Honey Boo Boo and her mom, June Shannon, posted the ad for Girl Scout cookies on HBB’s Facebook page, which had 703,357 likes as of press time.
HBB is not a Girl Scout herself; she’s just helping out a friend.
A GSUSA representative in Georgia, HBB’s home state, told TMZ that the organization contacted HBB’s site admin and told them selling cookies online is against the rules, because the cookie sales are meant to teach girls “all sorts of things, including goal setting, people skills, etc.,” wrote TMZ.
The ad disappeared from the Facebook page, but the HBB family is fulfilling all the orders already made.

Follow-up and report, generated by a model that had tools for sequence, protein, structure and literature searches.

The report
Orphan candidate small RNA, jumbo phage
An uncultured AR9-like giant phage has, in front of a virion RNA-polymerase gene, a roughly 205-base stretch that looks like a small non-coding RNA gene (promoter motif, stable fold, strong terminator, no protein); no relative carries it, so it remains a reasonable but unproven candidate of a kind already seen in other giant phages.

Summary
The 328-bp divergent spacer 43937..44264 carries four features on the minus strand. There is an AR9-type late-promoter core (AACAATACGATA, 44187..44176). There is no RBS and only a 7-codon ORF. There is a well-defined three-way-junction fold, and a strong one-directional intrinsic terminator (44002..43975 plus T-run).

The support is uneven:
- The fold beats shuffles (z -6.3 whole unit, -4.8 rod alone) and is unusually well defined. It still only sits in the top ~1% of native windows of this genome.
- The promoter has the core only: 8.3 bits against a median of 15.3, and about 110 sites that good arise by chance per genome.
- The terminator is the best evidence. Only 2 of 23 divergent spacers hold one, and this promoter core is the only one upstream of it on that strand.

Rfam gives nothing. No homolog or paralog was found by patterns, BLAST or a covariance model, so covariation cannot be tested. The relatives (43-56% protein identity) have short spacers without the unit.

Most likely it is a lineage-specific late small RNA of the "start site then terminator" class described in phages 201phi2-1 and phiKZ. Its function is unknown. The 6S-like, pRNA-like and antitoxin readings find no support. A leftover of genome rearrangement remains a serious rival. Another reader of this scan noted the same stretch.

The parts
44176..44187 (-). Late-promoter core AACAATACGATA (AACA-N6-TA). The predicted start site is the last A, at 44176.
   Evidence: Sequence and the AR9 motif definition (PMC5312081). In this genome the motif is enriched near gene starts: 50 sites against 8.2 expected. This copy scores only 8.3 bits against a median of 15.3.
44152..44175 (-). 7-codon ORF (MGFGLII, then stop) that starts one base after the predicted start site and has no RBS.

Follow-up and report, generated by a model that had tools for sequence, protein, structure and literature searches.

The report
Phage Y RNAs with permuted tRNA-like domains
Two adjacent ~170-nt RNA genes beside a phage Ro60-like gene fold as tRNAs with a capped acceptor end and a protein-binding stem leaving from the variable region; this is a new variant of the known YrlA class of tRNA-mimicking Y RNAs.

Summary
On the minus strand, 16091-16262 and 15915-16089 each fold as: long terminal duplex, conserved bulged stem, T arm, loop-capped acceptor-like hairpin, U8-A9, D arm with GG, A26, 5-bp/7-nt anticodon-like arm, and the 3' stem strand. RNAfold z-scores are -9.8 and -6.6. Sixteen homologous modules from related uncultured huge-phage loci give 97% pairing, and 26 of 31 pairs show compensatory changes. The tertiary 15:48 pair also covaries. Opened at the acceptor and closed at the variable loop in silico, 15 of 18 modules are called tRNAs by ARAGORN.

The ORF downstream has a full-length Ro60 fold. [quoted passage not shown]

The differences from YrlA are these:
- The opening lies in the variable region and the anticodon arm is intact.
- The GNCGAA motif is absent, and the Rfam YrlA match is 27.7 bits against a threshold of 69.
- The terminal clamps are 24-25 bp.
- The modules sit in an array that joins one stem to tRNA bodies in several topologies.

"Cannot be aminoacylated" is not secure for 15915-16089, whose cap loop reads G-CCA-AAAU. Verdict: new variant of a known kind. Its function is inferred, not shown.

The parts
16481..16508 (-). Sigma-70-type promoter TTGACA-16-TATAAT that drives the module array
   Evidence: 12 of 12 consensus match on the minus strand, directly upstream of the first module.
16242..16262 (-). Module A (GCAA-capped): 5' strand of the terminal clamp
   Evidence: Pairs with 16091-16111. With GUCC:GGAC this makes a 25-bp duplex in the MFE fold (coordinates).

“All cookies that have been paid for have been shipped!” someone posting as Honey Boo Boo wrote on the Facebook page Tuesday. “Thanks everyone for supporting Girl Scouts!”
Anyone who didn’t get to order, the HBB poster goes on to add, can email the family and put in a request.
Won’t this further annoy GSUSA?
Tough darts, June Shannon told TMZ. “If I can raise more money for a troop, whoever they are, especially in an area where they don’t get a lot of money, and parents can’t afford to buy a ton of cookies, why wouldn’t I help? We’re doing nothing wrong.”
GSUSA might want to quibble with that last statement. Its online official rules forbid online sales of cookies, though it says it’s looking into ways “to engage consumers in online sales” while still developing “critical and relevant entrepreneurship skills.”
Does standing with your mom in front of a table at the grocery store count as “critical and relevant” skills? Honey Boo Boo has already shown she can earn, why not let her sell on Facebook?